There are several Big Ten quarterback situations that are rock solid as teams enter training camp. Without a doubt, Braxton Miller will start for Ohio State; Taylor Martinez for Nebraska; Kain Colter for Northwestern; Devin Gardner for Michigan; Philip Nelson for Minnesota; and Nathan Scheelhaase for Illinois.
And Andrew Maxwell will begin as Michigan State’s starter, but he has a tenuous grip on the job. Who will win the other five jobs? Here are my predictions for Indiana, Iowa, Penn State, Purdue and Wisconsin.
Tre Roberson broke a leg vs. UMass last season in the second game of the season and missed the rest of the campaign. It was too bad, because he was on fire with 368 yards passing and 133 yards rushing in less than eight quarters of action. Cameron Coffman, who arrived in 2012 as a JC transfer, took over and excelled as the starter in the last 10 games. A junior, Coffman hit 60 percent of his passes for 2,734 yards with 15 touchdowns and 11 picks last season. Nathan Sudfeld also saw some action as a true freshman in 2012 and flashed some promise. He’s a big, strong passer.
My pick: Roberson. He continues to develop as a passer after becoming the first true freshman quarterback in Indiana history to start and just the second to play. In fact, the 6-0, 200-pound sophomore is underrated in the passing department. And he’s a much better athlete than Coffman or Sudfeld. Knowing all of that, Roberson has to be the guy. His combination of passing/running is as good as any quarterback in the Big Ten.
View Roberson’s career passing numbers:
The Hawkeye passing game was, well, a mess last year. How much did it struggle? Iowa had a Big Ten-low seven touchdown passes. The much-maligned James Vandenberg is gone. Now, Kirk Ferentz will choose between redshirt freshman C.J. Beathard, junior Cody Sokol (a JC transfer who redshirted) and sophomore Jake Rudock. None figure to make Iowa fans forget Chuck Long, but each has some talent.
My pick: Rudock. None of these guys has attempted a pass in a game. But the 6-3, 205-pound Rudock has been on campus the longest and is the best combination passer/athlete of the trio. A big key to success will be how well a much-maligned receiving corps develops for an offense that will work often at quick pace from a no-huddle scheme.
This is a two-man derby between touted true freshman Christen Hackenberg and JC transfer Tyler Ferguson. Hackenberg arrives on campus amid massive hype and as one of the nation’s top-rated quarterbacks. He can make all the throws. Ferguson, who took part in spring drills, lacks Hackenberg’s skill set but is older and a bit more mature.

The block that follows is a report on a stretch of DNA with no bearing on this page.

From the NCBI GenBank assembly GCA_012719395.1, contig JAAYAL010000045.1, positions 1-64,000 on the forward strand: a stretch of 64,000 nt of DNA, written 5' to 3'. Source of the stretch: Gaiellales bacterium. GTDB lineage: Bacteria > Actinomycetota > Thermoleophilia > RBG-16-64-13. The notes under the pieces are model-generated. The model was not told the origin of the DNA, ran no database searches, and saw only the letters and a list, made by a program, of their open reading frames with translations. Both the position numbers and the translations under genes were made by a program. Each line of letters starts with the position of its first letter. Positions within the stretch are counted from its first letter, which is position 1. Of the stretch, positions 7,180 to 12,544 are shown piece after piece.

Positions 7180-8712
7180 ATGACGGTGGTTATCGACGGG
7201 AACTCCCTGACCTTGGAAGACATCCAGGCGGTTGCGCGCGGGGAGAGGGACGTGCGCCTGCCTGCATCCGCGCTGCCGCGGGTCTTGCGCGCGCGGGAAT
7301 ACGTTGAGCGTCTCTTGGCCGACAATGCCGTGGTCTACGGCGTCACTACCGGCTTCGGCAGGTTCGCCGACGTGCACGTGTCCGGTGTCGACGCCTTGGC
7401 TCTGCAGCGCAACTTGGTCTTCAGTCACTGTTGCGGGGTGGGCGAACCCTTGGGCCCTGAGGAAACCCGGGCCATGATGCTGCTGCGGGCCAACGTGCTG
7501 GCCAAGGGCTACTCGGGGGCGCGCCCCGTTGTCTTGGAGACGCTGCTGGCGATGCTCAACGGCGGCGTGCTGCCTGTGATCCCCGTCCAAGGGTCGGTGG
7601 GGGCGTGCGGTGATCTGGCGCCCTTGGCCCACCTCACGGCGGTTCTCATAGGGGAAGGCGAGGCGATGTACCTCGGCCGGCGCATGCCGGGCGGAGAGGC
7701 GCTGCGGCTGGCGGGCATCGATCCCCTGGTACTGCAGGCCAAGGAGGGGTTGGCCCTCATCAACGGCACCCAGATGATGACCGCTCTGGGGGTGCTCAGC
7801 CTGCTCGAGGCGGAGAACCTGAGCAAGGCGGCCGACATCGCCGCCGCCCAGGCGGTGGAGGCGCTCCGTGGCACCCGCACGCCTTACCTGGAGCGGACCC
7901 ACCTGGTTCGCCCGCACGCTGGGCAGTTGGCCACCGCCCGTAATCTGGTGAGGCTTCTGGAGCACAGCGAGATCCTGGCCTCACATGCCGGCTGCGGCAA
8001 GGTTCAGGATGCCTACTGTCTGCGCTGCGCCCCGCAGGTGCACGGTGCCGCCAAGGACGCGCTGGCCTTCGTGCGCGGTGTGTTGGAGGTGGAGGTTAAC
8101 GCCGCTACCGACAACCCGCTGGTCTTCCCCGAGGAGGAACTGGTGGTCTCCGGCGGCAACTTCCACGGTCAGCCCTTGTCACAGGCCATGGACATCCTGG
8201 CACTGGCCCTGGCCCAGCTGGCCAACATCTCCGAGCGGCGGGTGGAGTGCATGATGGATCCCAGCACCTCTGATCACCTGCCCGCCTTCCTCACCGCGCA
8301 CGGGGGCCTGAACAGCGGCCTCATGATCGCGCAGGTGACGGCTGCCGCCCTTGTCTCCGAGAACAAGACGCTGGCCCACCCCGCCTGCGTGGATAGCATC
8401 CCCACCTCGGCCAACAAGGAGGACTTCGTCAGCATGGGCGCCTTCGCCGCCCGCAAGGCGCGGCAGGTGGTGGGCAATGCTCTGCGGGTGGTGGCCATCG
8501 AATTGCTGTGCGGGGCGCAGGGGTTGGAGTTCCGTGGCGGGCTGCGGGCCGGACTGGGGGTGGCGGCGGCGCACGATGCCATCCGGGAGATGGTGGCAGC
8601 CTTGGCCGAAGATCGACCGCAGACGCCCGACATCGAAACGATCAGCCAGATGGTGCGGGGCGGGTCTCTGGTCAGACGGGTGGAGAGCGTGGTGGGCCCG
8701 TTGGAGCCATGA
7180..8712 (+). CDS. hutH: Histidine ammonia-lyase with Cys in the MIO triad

My pick: Hackenberg. Go with the more talented guy, the one who could become the new face of Penn State football. Making the decision to go with the true freshman easier is the fact the Nittany Lion offense is loaded with veteran talent at other positions, with a veteran line, deep collection of tight ends, wideout Allen Robinson and 1,000-yard back Zach Zwinak. Hackenberg will be ensconced with talent, meaning he won’t have to win games. He can facilitate as he learns and develops.
Way back in 2010, senior Rob Henry was Purdue’s starter. You can look it up. He started seven games. His results were middling, as Henry completed just 53 percent of his passes with eight touchdowns and seven interceptions and ran for 547 yards and four scores. A knee injury in training camp killed his 2011 season. And Henry played a bit last year. Now, he’s the most veteran option for first-year coach Darrell Hazell. Henry’s main competitor is true freshman Danny Etling, the jewel of Hazell’s first recruiting class who arrived in time to take part in spring drills. He impressed. Redshirt freshman Austin Appleby remains in the mix—slightly.
My pick: Etling. It may be best to opt for Henry. Not only is he the most veteran option, but he’s also the most athletic. And that athletic ability may come in handy working behind a spotty line for an offense that lacks proven playmakers at wideout and running back. Regardless, I say go with Etling. The future begins now. And Etling is the future. Build around the kid who could become Purdue’s next special quarterback.
The transfer of Danny O’Brien took one competitor out of this packed race. Still, this may be the most intriguing quarterback derby of all. There’s sixth-year senior Curt Phillips, sophomore Joel Stave, redshirt freshman Bart Houston and JC transfer Tanner McEvoy. The battle likely will boil down to Phillips vs. Stave. He took over for O’Brien in the third game in 2012 and started six games before suffering a broken collarbone and giving way to Phillips, who started the final five games with varying degrees of success. Houston has a nice arm. McEvoy is intriguing, a JC transfer who inked with South Carolina coming out of high school. His skill set appears to be ideal for Gary Andersen’s offense.
My pick: Stave. He doesn’t have the best arm, speed or athletic ability among the competitors, but he’s the best total package. And Stave’s experience is key for an offense that needs to augment a passing game that ranked last (111th in the nation) in passing in 2012. But keep an eye on McEvoy, who picked Wisconsin over Florida, Oregon and West Virginia. That should tell you how good he is. If he picks things up quickly, McEvoy could be a factor, but Stave is the best bet for now. Phillips? He just can’t pass. Remember the Rose Bowl?
View Stave’s career passing numbers:
|About Tom Dienhart||BTN.com senior writer Tom Dienhart is a veteran sports journalist who covers Big Ten football and men’s basketball for BTN.com and BTN TV. Find him on Twitter and Facebook, read all of his work at btn.com/tomdienhart, and subscribe to his posts via RSS. Also, send questions to his weekly mailbag using the form below and read all of his previous answers in his reader mailbag section.|
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